The U.S. Federal Bureau of Investigation is challenging suggestions of illegal conduct in an undercover sting operation targeting allegedly corrupt government officials in Kyiv, which the FBI conducted in concert with the National Anti-Corruption Bureau of Ukraine (NABU).

The United States and European Union have provided logistical support and training for NABU investigators tasked with ferreting out government graft in the Eastern European country. The support is part of the financial and diplomatic backing of the leadership that took power in Kyiv after the 2014 Maidan protests, which ousted the Kremlin-backed President Viktor Yanukovych.

But Ukraine’s top prosecutor says NABU investigators overstepped the law in a recent probe of suspected corruption in Ukraine’s migration service.

‘Absolutely illegal’

General Prosecutor Yuriy Lutsenko told parliament he wanted to address issues around “the relationship between various law enforcement agencies that causes public outrage and rather harsh statements by our strategic international partners — the U.S. and the EU.”

“A joint [FBI-NABU] operation … is an absolutely illegal action without the relevant legal procedures,” Lutsenko said in a recent television interview, according to a report by The Wall Street Journal.

In an interview with VOA, NABU Director Artem Sytnyk defended actions of his undercover agents, as well as the agency’s cooperation with FBI.

“This is about the survival of the corrupt elite,” he said. “It further proves that it is impossible to investigate corruption at the highest level and not run into resistance.”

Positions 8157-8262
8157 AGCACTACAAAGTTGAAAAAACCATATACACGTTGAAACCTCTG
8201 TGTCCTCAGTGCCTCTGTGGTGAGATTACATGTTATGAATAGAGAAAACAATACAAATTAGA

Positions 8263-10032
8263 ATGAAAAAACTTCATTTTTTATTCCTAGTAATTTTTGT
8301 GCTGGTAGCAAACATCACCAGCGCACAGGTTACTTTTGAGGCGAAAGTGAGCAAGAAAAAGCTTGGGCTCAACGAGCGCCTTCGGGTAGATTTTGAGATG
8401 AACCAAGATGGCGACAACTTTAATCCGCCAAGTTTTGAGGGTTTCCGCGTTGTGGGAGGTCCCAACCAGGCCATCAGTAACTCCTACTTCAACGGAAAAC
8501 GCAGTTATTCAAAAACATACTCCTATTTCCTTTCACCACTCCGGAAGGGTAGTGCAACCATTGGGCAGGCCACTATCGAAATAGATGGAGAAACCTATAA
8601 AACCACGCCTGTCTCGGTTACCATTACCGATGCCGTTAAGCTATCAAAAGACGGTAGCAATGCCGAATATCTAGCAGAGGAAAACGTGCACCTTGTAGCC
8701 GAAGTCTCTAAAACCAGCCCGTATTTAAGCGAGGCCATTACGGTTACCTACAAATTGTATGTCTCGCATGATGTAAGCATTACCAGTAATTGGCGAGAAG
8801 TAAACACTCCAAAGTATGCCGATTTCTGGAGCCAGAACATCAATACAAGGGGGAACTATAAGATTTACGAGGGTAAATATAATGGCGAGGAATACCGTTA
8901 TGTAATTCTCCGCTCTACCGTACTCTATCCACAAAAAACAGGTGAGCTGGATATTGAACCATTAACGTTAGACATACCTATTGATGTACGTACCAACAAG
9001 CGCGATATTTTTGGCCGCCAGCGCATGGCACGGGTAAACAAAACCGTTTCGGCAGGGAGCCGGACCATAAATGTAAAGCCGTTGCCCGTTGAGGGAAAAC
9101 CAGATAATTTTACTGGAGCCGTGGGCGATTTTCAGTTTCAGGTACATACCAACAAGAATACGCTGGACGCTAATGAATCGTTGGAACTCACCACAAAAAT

In a statement to VOA, FBI spokeswoman Samantha T. Shero said the law enforcement agency entered into a June 2016 Memorandum of Understanding (MOU) with NABU to provide investigative assistance, training and capacity building for NABU and Ukraine’s Special Anti-Corruption Prosecutor’s Office (SAPO).

“The FBI abides by host nation laws and never operates outside the MOU,” she said, explaining that FBI personnel are temporarily assigned on a rotational basis at the NABU in support of this relationship.

“These special agents and analysts are not operational, and any statements to the contrary are not true,” she said. “Rooting out corruption is a priority for the FBI and we routinely work with our foreign law enforcement partners across the globe to investigate corruption and provide assistance when requested. We value our relationship with the NABU and SAPO, and have found their staff to be professional and trustworthy. NABU and SAPO are young organizations that face enormous challenges in the work that they are doing in Ukraine.”

The FBI, Shero added, will continue to provide NABU and SAPO with support and assistance in their “important work for the Ukrainian people.”

Committee chair dismissed

On Thursday, an opposition legislator who chairs the Ukrainian parliamentary anti-corruption committee was dismissed by fellow lawmakers, in what critics of President Petro Poroshenko’s ruling party are calling an open assault on NABU, the country’s only independent corruption watchdog.

The office of Ukraine’s general prosecutor’s and Poroshenko’s government have come under increasing pressure in recent weeks amid perceived backsliding on reform commitments, which has delayed billions of dollars in loans from the International Monetary Fund and tested the patience of Western countries, even as Kyiv pushes for closer EU integration and possible membership.

Ukraine’s general prosecutor on Wednesday denied that his office was impeding the NABU’s work as he sought to deflect charges by Kyiv’s Western backers that Ukraine was coming up short on promises to fight graft.

This story originated in VOA’s Ukrainian service. Some information came from Reuters.

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